False Life 5e D&D Guide [2021]

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All hit points are useful hit points, and the temporary hit points provided by False life are no different. The spell can be used preemptively before heading into a dangerous area or in the heat of combat as a nice little boost to hold the caster over.

The rules for False Life can be found in the Players Handbook on page 239.

False Life 5e

Necromancy 1st Level

Casting Time: 1 Action

Range: Self

Components: V, S, M (a small amount of alcohol or distilled spirits)

Duration: 1 Hour

Bolstering yourself with a necromantic facsimile of life, you gain 1d4 + 4 temporary hit points for the duration.

When you cast this spell using a spell slot of 2nd level or higher, you gain 5 additional temporary hit points for each slot level above 1st.

A simple and straight forward explanation provides the clear benefit to this spell. The caster gains 1d4+4 temporary hit points for the duration. Upcasting this spell is possible though only provides the average for additional temporary hit points.

What does False Life do?

False Life allows the caster to tap into necromantic energy to provide themselves with a number of temporary hit points. Temporary hit points function just as regular hit points except that they cannot be healed and do not stack. They are also consumed before normal hit points.

Hot Tip
Temporary hit points can be used to stabilize or heal a dying creature. The creature will return to incapacitated if the temporary hit points wear off before the creature has actually been healed. False Life doesn’t apply here since it is target of self, but other spells that provide temporary hit points might be useful, such as Heroism.

Is False Life a Good Spell?

False Life is a 1st level spell that grants temporary hit points. It is relatively limited in applicable circumstances and targets only the caster. Ultimately the spell is one of the weaker available to the classes and is probably not worth the spell slot compared to other available choices. The benefit of the spell is the temporary boost the caster can provide to themselves that might be just enough to get out of trouble or avoid going down for one more round.

Bottom Line
False Life is pretty weak. The only justification for picking this spell up might be the “healing” factor it provides to classes that otherwise lack access to healing capabilities. The arcane classes fall short when it comes to being able to heal themselves naturally. False life gives them the option to boost their hit points on their own instead of waiting for the party healer.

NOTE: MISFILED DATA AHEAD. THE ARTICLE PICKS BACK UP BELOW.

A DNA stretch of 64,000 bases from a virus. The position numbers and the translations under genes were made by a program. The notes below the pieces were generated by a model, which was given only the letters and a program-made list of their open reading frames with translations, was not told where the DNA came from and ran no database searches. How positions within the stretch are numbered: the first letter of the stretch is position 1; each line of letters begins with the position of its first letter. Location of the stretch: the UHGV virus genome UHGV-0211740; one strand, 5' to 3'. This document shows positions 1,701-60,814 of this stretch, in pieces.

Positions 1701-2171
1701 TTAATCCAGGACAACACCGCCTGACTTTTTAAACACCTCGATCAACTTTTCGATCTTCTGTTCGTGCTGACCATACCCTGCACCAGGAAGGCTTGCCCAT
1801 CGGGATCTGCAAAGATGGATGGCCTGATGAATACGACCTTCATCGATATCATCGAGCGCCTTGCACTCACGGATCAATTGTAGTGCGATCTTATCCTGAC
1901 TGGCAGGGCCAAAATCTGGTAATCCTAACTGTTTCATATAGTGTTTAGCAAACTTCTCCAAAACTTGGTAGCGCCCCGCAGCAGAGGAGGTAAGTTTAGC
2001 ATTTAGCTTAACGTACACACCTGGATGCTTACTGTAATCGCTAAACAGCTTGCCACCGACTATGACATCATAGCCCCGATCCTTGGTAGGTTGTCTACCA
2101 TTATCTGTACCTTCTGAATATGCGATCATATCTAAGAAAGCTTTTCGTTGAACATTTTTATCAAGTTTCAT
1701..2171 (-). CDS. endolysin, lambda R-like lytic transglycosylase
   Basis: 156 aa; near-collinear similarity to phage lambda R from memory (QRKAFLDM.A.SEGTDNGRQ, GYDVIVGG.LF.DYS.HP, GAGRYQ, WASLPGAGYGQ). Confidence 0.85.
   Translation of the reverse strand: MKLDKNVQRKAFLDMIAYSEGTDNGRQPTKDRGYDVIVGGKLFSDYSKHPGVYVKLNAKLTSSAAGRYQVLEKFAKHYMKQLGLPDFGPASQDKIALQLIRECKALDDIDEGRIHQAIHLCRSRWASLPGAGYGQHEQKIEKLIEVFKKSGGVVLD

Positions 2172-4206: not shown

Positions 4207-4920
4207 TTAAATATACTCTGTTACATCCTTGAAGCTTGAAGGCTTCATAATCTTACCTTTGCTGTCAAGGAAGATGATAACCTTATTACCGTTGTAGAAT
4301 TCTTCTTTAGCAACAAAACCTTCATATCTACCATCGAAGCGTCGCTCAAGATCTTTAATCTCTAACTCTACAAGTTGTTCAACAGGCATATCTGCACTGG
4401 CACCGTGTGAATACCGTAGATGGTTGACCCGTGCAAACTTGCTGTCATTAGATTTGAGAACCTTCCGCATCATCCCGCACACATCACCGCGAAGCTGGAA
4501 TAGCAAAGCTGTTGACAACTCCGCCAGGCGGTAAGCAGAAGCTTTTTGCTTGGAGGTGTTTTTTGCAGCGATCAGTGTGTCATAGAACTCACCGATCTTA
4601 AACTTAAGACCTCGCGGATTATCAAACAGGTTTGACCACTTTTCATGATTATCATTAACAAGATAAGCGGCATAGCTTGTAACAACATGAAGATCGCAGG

Can False Life Stack?

Temporary hit points do not stack. The temporary hit points can be in addition to other features that absorb damage. For example, the Arcane Tradition: Abjurer feature would work with False Life as the feature functions like temporary hit points but doesn’t provide temporary hit points.

If a character has temporary hit points and then is the target of an effect that grants additional temporary hit points, the effects do not stack.

However, the character does get to choose which ones to take. They can keep the current temporary hit points if the total is more than the new ones or can take the new ones if the value would be higher.

False Life and Fiendish Vigor

Fiendish Vigor is a Warlock Invocation that allows the character to cast False Life at will for the additional 1d4+1 hit points. This effectively gives the Warlock an extra 5 temporary hit points at all times unless they are in combat turns. The character can cast False Life at will, meaning they can just continually cast until they get the max and then hold that for an hour. In combat, however, they would still need to spend an action to cast the spell.

Hot Tip
Temporary hit points are normally an afterthought. The benefit they provide is minimal in most cases and well short compared to the level of spell slot they require. They can, however, help an unusually soft character survive the first few levels as the extra health is significant by comparison.

Final Thoughts

False Life is a low-level spell that really doesn’t hold up well to other spells at the same level. The benefit is the all-around application of reduced damage. More often than not, resistance type spells are going to provide more bang for the buck if the character is on the defensive.

These specialized spells, of course, require the character to know that danger is imminent and what type it is. On the other hand, False Life is a generic catch-all as temporary hit points apply to everything.

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